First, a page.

The North Carolina legislature recently eliminated public access to their records. Join American Oversight and Common Cause North Carolina to discuss how organizations, media and individuals can continue to leverage public records requests to defend democracy. This session’s moderated discussion and brainstorm will highlight examples in North Carolina and other states that can inform advocacy.

Facilitators: Alissa Lopez and Elizabeth Haddix (American Oversight), and Ann Webb (Common Cause North Carolina)

Election tools for newsrooms
Room 2202

This session will cover tools for tackling misinformation, tips for doing advanced searches across the web and social media, and how to transcribe audio and analyze datasets using Google’s AI-powered tool, Pinpoint.

Facilitator: Colleen Kimmett (Google)

Thinking beyond the deadline: What do small newsrooms need to embrace a product mindset?
Room 2201

What is “product thinking” and why is this mindset so important for local newsrooms? We’ll talk about why news product has taken off as a core focus and strategy for newsrooms across the world and discuss what’s needed to help independent publishers and small newsrooms embrace product strategy without over relying on vendors. Participants will walk away with strategies to adapt product thinking, management skills and frameworks into any size newsroom or project.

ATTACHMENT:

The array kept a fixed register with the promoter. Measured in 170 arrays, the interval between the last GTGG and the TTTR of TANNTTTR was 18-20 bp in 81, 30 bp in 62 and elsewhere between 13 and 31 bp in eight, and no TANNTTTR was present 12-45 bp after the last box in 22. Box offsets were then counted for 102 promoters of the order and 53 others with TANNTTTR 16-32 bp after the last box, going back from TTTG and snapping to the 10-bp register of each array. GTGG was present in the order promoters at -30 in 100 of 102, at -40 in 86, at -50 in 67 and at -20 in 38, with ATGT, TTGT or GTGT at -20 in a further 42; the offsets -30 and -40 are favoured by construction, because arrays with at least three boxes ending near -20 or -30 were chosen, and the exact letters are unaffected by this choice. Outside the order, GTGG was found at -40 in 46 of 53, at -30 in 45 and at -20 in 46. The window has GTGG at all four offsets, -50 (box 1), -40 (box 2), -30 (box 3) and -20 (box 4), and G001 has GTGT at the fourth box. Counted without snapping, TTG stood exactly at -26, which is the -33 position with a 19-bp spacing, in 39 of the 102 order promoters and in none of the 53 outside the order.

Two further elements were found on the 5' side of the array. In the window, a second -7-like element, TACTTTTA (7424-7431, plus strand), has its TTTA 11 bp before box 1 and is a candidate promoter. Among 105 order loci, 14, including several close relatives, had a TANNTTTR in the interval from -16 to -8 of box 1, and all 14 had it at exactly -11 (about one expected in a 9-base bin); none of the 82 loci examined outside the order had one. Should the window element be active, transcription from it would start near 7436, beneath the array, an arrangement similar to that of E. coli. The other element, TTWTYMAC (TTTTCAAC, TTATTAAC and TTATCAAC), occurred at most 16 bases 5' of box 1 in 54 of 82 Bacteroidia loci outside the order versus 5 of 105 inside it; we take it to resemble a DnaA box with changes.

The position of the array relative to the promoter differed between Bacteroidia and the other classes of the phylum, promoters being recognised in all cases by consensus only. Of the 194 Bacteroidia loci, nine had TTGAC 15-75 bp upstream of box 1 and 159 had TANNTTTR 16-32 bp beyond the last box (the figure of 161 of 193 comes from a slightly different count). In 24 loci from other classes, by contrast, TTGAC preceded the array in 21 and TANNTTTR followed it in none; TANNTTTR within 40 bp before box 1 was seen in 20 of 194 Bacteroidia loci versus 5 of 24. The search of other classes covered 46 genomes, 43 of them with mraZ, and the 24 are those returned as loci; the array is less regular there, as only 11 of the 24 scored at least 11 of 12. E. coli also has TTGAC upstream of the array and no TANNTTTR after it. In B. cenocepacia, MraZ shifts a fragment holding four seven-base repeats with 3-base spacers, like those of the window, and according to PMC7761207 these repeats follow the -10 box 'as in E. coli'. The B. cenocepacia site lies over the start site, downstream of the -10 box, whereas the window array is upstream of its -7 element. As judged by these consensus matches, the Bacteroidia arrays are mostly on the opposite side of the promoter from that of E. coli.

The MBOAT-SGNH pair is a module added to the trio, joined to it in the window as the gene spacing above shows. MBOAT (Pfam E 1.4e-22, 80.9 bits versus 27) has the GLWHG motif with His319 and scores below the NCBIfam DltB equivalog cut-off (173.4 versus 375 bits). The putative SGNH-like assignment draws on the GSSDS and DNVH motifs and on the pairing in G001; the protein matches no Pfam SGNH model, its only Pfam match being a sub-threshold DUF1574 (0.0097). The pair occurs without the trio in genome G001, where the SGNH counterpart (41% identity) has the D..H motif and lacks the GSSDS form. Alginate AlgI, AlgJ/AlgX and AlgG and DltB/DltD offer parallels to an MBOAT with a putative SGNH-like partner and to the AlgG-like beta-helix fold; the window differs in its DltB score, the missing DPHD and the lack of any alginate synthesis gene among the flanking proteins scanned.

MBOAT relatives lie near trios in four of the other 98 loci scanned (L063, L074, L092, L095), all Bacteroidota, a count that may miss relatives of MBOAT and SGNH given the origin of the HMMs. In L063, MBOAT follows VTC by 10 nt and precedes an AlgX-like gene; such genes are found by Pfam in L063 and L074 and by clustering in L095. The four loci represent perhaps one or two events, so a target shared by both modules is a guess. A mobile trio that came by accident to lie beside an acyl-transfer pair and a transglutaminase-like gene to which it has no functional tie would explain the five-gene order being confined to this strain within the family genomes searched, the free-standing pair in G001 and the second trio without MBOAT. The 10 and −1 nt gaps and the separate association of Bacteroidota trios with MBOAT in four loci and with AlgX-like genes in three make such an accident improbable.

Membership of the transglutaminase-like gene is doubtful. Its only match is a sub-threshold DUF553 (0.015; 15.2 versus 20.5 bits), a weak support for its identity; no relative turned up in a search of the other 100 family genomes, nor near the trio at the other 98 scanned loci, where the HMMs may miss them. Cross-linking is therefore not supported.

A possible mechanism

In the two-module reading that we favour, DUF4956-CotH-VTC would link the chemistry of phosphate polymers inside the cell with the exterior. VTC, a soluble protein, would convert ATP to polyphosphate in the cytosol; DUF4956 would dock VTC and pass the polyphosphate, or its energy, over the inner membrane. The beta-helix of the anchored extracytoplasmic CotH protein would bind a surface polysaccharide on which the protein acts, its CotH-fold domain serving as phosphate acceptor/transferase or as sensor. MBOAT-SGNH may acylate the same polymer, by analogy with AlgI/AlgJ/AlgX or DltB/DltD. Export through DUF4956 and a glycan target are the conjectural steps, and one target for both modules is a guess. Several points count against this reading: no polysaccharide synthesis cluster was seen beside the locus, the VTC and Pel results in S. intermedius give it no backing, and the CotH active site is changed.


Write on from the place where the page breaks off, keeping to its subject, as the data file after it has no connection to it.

Facilitators: Shannan Bowen (NC Local News Workshop) and Tony Elkins (Poynter)

It’s your right: Navigating agency reluctance and unreasonable special service charges workshop
Room 2211

Accessing public information is critical to well-backed storytelling, but journalists are often deterred from pursuing public records due to costly special service charges. The Duke First Amendment Clinic will lead an interactive session to help attendees fight back against unreasonable special service charges. Additionally, attendees will have the opportunity to provide feedback on a model policy to better meet journalists’ needs and will walk away with a toolkit to put the session’s lessons into practice.